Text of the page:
18:01 29.07.2008 - Athletics - Olympic Athletics tournament
Yevgeny Trofimov: Thank God, the experiment is over and Isinbaeva returned to her old jumps, which we developed in Volgograd
Today, July 29th, this evening the Monte Carlo Super Grand Prix of Light Athletics will take place. In it, in particular, will appear the European, World and Olympic Games champion in the women’s pole vault, Yelena Isinbaeva, who set her first outdoor world record under her new personal coach for the past three years Vitaly Petrov on July 11th in Rome at 5.03 m. Her first coach, Yevgeny Trofimov, shared his observations of Yelena Isinbaeva with the Agency of Sport Information "All Sport".
"Thank God, the experiment that lasted for the past two and a half years is completed, although nothing was accomplished," said Yevgeny Trofimov. "Beginning with the current summer season, Isinbaeva and her coach have returned to her old jumps, which we developed during her time in Volgograd. In general, I completely understand Vitaly Afanasevich Petrov's desire to change Lena's vault. She arrived as the Olympic champion and holder of multiple world records, and if they continued to stamp out records with her old jump, everyone would say: what has Petrov to do with it? I don't know what or how Petrov wanted to change, but I don't doubt that he planned to improve, to make progress. But it turned out like the saying: "Better is the enemy of good" [American translation: "If it ain't broke, don't fix it" – BF]. The fact remains: Lena lost the most important quality for a pole vaulter - volatility. For some reason her new vault broke through only occasionally, and only in winter - three years in a row weren't wasted, since Isinbaeva set world records indoors at her first starts in Donetsk. But anything further was cut off. To continue the experiment in an Olympic season posed a very high risk of defeat at the Games in Beijing. Given Jenny Stuczynski's progress, Svetlana Feofanova's experience, and Isinbaeva's own consistency at the mere level of 5.60-5.80 m [sic – I'm sure he meant 4.60-4.80 – BF], it didn't appear unrealistic. Her margin of safety disappeared, and her rivals started to realize that based on her maximum results, they could beat her. That is why Petrov and Isinbaeva returned to her old jumps, although of course they have polished up a few things here and there. And right away - a world record! I repeat my opinion, which I've repeatedly expressed: Lena is potentially able to jump around 5.15-5.20 m. And the Volgograd arena record, which belongs to Isinbaeva, already stands at 5.05 m. I even remember the date it was set - May 23rd, 2005, during the championship of my training group."
Yevgeny Trofimov also named Yelena Isinbaeva as the prime favorite for the Olympic pole vault tournament at the Games in Beijing. "Now that Lena has returned to her old vault, she has again become unbeatable by her rivals. These latest tournaments prove it, not just Rome ending with a world record. Until recently it seemed to all that Stuczynski really was pressuring Isinbaeva. But eventually the difference in their results is still at least 10 centimeters while the American is jumping at near her personal best. I'm very happy about this development. After all, I'm the senior Russian national team coach for the women's pole vault, and considering all the extraneous factors, I wouldn't want to smile after the Olympics and try to explain why we don't have a gold medal. Again, I am very pleased that the experiment has ended," smiled Yevgeny Trofimov.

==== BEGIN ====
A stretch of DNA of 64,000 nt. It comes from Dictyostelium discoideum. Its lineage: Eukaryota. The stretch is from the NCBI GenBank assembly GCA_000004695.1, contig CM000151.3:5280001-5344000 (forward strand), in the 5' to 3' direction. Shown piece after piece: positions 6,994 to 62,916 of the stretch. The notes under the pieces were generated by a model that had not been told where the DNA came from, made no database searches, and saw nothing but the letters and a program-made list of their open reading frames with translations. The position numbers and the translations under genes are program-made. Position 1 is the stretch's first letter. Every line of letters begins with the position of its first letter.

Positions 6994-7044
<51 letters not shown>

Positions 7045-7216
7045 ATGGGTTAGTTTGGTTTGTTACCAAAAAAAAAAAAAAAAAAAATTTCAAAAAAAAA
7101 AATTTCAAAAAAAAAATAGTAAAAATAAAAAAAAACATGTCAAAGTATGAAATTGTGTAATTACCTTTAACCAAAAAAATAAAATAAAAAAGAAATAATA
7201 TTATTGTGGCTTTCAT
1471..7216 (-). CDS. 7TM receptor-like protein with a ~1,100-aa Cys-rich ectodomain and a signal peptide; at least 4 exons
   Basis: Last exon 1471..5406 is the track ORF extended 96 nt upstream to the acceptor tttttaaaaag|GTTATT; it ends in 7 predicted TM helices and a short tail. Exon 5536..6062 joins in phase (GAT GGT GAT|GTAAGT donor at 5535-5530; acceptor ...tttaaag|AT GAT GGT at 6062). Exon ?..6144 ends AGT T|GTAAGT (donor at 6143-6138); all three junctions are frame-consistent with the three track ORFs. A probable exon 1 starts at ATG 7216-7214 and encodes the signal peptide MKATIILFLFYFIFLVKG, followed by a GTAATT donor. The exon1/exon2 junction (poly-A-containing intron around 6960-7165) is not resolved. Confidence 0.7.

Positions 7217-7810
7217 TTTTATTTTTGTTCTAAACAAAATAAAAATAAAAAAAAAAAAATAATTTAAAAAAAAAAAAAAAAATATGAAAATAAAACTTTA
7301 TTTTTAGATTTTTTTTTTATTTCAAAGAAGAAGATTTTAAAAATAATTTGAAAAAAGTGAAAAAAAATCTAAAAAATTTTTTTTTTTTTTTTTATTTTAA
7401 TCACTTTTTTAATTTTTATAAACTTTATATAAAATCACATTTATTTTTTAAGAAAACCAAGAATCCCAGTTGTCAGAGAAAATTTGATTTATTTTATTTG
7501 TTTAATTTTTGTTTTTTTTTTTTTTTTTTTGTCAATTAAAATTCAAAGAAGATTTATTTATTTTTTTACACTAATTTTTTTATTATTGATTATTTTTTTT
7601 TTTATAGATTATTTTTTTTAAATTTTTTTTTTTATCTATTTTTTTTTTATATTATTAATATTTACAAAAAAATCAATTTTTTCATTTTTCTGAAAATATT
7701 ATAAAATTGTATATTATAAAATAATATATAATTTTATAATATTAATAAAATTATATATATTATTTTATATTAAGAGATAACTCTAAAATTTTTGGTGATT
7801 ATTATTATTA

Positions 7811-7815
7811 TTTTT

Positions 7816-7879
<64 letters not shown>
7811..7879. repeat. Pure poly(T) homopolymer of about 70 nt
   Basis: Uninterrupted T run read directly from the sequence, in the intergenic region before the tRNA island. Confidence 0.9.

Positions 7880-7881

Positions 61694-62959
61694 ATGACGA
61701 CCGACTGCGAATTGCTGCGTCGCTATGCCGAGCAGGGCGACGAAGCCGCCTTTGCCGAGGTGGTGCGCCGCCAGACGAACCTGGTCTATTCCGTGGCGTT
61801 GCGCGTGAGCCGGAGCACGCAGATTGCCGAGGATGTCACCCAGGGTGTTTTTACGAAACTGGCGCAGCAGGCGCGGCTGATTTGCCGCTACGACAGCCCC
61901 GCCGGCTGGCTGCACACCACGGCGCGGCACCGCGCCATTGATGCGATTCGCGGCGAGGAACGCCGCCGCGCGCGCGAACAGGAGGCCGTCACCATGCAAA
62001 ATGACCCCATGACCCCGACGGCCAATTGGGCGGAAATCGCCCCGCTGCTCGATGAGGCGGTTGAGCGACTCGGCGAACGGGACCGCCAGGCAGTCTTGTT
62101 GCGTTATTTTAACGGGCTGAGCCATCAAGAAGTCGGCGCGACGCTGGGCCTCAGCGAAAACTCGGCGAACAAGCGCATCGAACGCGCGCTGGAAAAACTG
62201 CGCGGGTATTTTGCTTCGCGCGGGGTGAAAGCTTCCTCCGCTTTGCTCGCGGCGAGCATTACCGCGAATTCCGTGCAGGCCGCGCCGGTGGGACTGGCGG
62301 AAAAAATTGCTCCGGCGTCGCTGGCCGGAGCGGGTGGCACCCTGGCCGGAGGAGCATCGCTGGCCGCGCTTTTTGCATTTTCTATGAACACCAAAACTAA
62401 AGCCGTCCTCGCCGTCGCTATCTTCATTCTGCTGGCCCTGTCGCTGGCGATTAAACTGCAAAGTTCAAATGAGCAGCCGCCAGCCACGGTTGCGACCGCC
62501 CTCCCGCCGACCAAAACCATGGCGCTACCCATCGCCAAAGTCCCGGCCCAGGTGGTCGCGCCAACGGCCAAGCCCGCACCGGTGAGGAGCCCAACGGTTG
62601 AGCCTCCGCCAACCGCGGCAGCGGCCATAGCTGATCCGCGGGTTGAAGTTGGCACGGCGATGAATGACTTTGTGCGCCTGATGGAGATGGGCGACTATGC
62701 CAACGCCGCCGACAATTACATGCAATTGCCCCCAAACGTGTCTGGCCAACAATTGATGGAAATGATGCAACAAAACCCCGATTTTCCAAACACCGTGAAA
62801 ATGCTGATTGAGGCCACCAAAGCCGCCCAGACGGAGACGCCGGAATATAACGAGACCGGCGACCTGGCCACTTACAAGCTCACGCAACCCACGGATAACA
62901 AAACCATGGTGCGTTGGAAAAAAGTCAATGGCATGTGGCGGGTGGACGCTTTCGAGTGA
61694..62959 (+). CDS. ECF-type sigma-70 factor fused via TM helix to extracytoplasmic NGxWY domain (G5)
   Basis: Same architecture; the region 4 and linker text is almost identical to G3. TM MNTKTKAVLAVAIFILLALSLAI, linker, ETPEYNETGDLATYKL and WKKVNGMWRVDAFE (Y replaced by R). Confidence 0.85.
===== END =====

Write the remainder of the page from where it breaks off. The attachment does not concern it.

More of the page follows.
Well… I’ve got a 17 year-old daughter myself, so I’m loath to throw this guy in the river over having a hard time dealing with the changes as Isi aged from 15 to 23. But his statements here seem a bit disingenuous to me.
I’m no great scholar of pole vault technique, but it doesn’t appear to me that she has abandoned the changes that she and Petrov have been working on for the last two and a half years. I think it’s just taken that long for her to completely learn and become comfortable with them. Nevertheless, I suspect that she’ll have to go considerably higher than 5.20 by the end of her career before people in general will fully acknowledge that the technical changes have produced an improvement. And I rather doubt that Trofimov would ever acknowledge it, regardless of how high she eventually jumps.
So do any of you folk with more practical experience than me in such matters want to voice an opinion about any of these matters?
Have Isi & Petrov really reverted to her pre-2006 technique?
How high would she be jumping now if she’d never split with Trofimov (ignoring the fact that their split was over personal issues rather than competitive results)?
How high will she eventually have to jump to be confident that the switch really resulted in an improvement?